Macadamias South Africa (Samac) has concluded their fourth-quarter crop survey among Samac handlers and processors for the 2020 season. The crop for 2020 was 48 925 tons of nut in shell (NIS). NIS is measured at 1,5% kernel moisture content. This is 4,5% higher for quarter four compared to quarter three, but approximately 17,1% lower than the 2019 crop of 59 050 tons.
As mentioned before, climate change, and specifically adverse conditions during flowering and early nut development, mature orchards, insects, and diseases played a role in the decline of the 2020 macadamia crop. Pruning (or the lack thereof), especially in older trees, could also play a role in crop decline.
With that said formative pruning of young trees should have occurred by now while the trees are still small, as it will prevent more drastic interventions required later when canopy closure and competition for sunlight starts occurring.
Increase in macadamia crop expected for 2021
At this stage, we anticipate an increase in the 2021 crop, compared to 2020. However, the crop forecast will only be available at the end of February 2021. We do not anticipate that tropical cyclone Eloise will have a major impact on crop yields.
The current rain in the provinces might be a bonus because of the below-average to average rainfall in recent years, which depleted the water tables to such an extent that most production regions were mostly dry at a time when trees really needed water and energy for oil (lipid) production. If the status quo continued, it could have led to a repetition of the previous season’s low crop.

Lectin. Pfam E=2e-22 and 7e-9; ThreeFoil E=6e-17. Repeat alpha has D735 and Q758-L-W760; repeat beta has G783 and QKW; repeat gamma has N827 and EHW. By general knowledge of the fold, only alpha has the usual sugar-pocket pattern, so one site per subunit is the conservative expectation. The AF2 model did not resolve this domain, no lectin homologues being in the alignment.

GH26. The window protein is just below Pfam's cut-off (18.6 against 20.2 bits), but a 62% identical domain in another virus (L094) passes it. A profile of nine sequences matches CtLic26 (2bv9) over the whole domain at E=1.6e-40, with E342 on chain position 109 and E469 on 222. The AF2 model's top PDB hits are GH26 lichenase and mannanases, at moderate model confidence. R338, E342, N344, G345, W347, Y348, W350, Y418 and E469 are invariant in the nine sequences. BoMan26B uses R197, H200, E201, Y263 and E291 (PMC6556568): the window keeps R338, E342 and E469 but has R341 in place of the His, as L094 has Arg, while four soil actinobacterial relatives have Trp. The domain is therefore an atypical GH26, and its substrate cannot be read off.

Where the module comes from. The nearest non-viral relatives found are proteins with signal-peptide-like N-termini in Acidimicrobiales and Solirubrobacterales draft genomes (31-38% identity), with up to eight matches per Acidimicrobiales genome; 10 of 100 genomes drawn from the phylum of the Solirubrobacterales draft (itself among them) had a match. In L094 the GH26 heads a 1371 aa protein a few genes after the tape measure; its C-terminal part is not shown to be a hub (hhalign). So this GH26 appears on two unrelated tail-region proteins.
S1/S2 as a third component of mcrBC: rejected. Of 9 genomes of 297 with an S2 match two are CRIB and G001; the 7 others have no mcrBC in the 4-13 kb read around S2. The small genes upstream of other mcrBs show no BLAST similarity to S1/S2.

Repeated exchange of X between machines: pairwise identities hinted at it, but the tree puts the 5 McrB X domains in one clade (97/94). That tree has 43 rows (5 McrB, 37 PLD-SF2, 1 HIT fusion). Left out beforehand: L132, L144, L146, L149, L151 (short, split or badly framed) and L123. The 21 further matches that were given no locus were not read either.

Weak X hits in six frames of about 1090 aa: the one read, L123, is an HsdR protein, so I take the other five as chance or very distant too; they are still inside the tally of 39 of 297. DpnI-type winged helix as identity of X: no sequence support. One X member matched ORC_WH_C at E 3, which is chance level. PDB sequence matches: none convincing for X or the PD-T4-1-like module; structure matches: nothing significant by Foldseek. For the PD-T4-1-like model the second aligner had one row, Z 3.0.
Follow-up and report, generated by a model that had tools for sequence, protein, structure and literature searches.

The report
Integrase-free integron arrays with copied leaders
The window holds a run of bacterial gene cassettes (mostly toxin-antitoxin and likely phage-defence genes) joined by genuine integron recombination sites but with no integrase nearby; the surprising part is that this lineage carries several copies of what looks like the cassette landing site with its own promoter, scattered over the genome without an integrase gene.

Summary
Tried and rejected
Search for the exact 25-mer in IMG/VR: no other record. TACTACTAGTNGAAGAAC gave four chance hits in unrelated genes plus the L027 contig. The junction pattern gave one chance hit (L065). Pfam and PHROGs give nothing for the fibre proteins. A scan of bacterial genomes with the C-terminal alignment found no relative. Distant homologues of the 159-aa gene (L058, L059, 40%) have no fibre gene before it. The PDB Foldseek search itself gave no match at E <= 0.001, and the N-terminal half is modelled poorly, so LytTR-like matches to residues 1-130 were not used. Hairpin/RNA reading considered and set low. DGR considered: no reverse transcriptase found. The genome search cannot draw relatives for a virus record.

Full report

In Limpopo, the nuts are generally bigger because of the rain the province had. Therefore it is a positive indication that the season ahead will certainly be better than the previous season. At this stage, stink bugs and nut borer numbers are also low in the province.
Mpumalanga’s rainfall varied from approximately 160 to 250mm during tropical cyclone Eloise over a three-day period, with no significant harm to the trees. We expect a better yield in Mpumalanga, even though significant flower diseases were present early in the season. Stink bug numbers are certainly much lower, but nut borers are still a concern on cultivars 816 and 788, as well as all hybrids.
KwaZulu-Natal had a very dry spring with some high day temperatures, which resulted in a low incidence of blossom blight and a high percentage of aborted ovules or ‘nubbins’ (Australian term for nuts that stay small due to aborted ovules) mainly in Beaumont, but also in A4/A16. Insect damage was low, although the nut borer levels were higher than usual, leading to a higher percentage of immature kernels. So far it has been observed that Integs, mainly 788 (South Coast), 816, 842, 814, and A4 have a better than average set, while the Beaumont crop is looking poor (similar to last year). This will have an overall negative impact on the crop. However we are optimistic that it will still be better compared to last year.
The table below indicates the percentage of decline or increase in macadamia production over the past five years.
|Year||Tonnage||Percentage from previous year|
|2015||46 000||2,5% increase|
|2016||38 000||17,4% decline|
|2017||44 610||17,4% increase|
|2018||56 550||26,8% increase|
|2019||59 050||4,4% increase|
|2020||48 925||17,1% decline|
Samac is optimistic about the 2021 crop and will keep the industry posted as more information becomes available. – Press release, Samac